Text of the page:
The palace was added in the 15th century. The fortifications were reinforced during the wars against the Ottoman Empire. The Castle was never taken, but after the Hungarian Kingdom joined the Habsburg monarchy and the Ottomans were finally defeated, it ceased to be an important border fortress and was no longer used by the military. Stephen Báthory got the castle by the king as a donation. But according to Stephen Báthory was Keglević the owner of the castle. Keglević pawned the castle for 40,000 guilders to the Palocsai family and spent the money. In 1609, Matthias II confirmed that Keglević still was the owner of the castle, but Keglević did not have the money to take the castle out of pledge from the Palocsai family. Nearly 100 years later in 1635 Palatine Pál Pálffy took the castle out of pledge from the Palocsai family.[11] The last owners of the Devín Castle were the Counts of the Pálffy family. Only in 1809, after the Siege of Pressburg, the castle was (which may have still been considered a threat) destroyed by the retreating forces of Napoleon I of France. Napoleon and Leopold Pálffy negotiated then and they both agreed that Vienna is supplied with products by Pálffy.[12]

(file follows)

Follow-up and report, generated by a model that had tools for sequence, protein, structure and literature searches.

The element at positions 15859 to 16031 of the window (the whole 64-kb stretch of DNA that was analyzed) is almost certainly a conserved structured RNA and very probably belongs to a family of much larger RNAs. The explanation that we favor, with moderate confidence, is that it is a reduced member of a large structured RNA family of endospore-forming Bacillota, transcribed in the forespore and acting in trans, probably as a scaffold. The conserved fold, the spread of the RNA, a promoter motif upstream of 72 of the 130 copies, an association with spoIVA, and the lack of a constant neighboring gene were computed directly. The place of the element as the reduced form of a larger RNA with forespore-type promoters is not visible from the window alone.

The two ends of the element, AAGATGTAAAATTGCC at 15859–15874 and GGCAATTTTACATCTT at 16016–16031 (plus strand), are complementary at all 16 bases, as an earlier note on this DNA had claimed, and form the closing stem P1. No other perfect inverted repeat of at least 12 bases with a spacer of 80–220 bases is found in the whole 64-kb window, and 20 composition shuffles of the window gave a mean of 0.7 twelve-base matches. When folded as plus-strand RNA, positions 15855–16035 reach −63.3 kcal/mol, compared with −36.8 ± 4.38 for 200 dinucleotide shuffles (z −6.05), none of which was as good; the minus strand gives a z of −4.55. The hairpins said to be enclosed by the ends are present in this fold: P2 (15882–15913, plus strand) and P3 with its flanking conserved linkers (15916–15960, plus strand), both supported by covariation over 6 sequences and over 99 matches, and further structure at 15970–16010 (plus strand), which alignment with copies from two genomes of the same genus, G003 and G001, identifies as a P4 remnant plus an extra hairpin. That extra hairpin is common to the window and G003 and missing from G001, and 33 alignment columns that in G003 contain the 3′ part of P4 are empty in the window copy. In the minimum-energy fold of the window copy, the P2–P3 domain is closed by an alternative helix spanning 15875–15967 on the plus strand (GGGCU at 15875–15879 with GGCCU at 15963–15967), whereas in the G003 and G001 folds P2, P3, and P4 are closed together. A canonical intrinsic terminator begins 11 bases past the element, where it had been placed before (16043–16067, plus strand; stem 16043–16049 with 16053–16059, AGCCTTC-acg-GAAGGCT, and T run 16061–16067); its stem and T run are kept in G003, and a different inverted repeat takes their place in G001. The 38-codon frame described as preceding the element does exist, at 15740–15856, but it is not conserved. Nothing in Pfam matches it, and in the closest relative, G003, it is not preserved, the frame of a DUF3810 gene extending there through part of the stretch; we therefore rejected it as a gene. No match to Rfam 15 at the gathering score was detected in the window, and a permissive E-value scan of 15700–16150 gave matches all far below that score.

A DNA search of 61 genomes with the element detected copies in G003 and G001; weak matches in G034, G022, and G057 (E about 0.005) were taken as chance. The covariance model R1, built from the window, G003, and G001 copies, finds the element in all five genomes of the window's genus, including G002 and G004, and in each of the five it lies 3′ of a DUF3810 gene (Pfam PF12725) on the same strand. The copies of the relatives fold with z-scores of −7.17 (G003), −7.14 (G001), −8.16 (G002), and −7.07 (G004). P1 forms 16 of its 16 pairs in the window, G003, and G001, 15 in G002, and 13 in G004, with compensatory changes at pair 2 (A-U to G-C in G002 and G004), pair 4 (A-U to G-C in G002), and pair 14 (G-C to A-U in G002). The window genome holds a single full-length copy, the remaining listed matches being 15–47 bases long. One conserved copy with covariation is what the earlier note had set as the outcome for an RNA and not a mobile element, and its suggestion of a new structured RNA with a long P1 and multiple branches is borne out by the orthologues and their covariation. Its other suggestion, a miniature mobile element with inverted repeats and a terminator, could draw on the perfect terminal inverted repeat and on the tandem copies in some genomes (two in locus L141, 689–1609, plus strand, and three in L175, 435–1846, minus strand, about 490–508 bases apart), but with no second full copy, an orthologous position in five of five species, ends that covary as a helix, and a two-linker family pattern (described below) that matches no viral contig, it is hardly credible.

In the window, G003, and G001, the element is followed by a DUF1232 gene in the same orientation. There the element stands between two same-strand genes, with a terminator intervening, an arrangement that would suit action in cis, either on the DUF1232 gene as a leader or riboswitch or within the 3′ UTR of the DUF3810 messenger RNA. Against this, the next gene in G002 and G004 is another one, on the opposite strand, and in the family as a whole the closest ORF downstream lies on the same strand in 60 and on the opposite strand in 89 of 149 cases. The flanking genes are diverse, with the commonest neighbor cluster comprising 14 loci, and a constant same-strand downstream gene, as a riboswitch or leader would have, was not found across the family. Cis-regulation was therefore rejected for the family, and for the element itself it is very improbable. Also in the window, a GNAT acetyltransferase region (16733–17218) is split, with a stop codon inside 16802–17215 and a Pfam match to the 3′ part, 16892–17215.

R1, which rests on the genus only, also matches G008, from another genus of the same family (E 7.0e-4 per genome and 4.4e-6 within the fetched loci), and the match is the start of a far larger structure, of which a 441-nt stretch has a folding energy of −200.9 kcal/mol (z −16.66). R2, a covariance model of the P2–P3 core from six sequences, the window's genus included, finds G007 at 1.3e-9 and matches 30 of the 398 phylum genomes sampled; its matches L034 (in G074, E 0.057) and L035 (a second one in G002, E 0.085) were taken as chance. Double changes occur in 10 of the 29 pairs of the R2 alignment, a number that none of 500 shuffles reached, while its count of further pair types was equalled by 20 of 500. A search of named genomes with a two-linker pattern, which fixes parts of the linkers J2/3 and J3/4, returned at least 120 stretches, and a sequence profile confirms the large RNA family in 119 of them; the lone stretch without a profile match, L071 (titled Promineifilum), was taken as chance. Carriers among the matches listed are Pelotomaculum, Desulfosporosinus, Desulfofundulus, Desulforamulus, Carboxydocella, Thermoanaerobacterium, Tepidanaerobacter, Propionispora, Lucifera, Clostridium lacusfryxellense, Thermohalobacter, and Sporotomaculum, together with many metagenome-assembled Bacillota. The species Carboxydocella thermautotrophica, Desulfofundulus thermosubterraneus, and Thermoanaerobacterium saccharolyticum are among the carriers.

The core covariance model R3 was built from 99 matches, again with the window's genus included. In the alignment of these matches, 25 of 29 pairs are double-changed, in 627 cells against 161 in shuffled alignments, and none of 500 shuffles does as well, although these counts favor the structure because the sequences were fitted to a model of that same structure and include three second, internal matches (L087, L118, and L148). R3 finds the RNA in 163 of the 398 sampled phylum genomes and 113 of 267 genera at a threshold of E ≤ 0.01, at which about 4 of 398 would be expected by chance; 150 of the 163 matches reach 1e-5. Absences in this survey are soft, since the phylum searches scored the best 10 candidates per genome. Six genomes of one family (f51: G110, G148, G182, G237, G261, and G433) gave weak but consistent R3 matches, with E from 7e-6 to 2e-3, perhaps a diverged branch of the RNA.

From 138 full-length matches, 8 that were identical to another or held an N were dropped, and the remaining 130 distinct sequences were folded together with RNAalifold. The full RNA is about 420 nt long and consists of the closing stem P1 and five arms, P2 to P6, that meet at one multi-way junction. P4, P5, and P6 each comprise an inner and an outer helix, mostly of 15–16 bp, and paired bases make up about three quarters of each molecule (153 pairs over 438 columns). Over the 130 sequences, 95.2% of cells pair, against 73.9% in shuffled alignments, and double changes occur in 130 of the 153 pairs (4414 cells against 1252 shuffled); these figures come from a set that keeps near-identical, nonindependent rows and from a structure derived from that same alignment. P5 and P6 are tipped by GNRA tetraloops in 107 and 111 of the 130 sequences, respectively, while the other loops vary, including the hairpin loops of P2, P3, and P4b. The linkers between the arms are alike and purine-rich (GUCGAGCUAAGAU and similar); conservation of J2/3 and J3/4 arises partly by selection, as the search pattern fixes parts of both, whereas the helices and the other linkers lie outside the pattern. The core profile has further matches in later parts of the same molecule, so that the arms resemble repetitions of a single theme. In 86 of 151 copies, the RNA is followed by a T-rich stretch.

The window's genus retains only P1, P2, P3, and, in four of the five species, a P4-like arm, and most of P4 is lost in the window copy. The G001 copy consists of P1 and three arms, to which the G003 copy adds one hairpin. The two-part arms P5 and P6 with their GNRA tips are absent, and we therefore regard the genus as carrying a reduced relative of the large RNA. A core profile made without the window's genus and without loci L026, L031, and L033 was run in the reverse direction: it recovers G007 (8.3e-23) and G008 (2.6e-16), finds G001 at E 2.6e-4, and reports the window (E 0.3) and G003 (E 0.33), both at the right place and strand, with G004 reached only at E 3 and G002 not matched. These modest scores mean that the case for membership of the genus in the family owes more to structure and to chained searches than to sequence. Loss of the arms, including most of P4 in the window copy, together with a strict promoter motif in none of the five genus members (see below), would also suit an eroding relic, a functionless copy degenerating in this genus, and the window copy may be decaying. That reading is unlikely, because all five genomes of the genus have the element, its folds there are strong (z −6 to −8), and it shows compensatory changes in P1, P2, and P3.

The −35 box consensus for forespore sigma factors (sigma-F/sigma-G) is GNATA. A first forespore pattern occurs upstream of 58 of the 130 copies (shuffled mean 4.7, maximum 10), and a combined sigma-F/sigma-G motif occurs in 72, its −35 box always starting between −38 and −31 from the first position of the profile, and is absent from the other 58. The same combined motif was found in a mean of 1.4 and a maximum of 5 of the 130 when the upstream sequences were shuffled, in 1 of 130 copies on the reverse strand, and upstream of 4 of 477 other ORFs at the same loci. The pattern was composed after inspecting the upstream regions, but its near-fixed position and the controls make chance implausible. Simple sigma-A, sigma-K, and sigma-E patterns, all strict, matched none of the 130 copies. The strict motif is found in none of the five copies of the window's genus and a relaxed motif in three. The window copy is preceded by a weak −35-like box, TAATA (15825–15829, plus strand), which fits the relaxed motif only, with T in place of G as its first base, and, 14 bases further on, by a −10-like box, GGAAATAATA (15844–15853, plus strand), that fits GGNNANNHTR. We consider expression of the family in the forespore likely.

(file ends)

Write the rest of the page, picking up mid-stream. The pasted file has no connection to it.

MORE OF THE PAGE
Since the 19th century as its history inspired several Romantic poets, followers of Ľudovít Štúr, Devín has become an important national symbol for the Slovaks. It featured both on the reverse of the former 500 Czechoslovak koruna banknote and the 50 Halierov coin of the Slovak currency.

The Hungarians regarded it as the western gateway of the Kingdom of Hungary. The Hungarian poet Endre Ady used it as a symbol of modernism and Westernization in his poem I am the Son of Gog and Magog:

By Verecke's ancient route I came,
In my ear ancient Magyar songs still blaze,
Am I free to break through at Dévény,
With modern songs fit for modern days?

— Endre Ady: I am the Son of Gog and Magog[13]

Some parts of the castle have been reconstructed in the 20th century and the castle hosts an interesting museum. Archaeological works at the site have revealed the remains of a Roman tower dating from the 1st century AD and evidence of a prehistoric settlement.[14]

Cultural references[edit]

Patrick Leigh Fermor describes approaching the castle whilst walking eastwards along the Danube in 1934, “The climbing roofs were dominated by a hill and the symmetry of this huge gaunt castle and the heigh of its corner-towers gave it the look of an upside-down table.” [15]

See also[edit]


  1. ^ "Travel".
  2. ^ Ondruš 2010, pp. 205–206.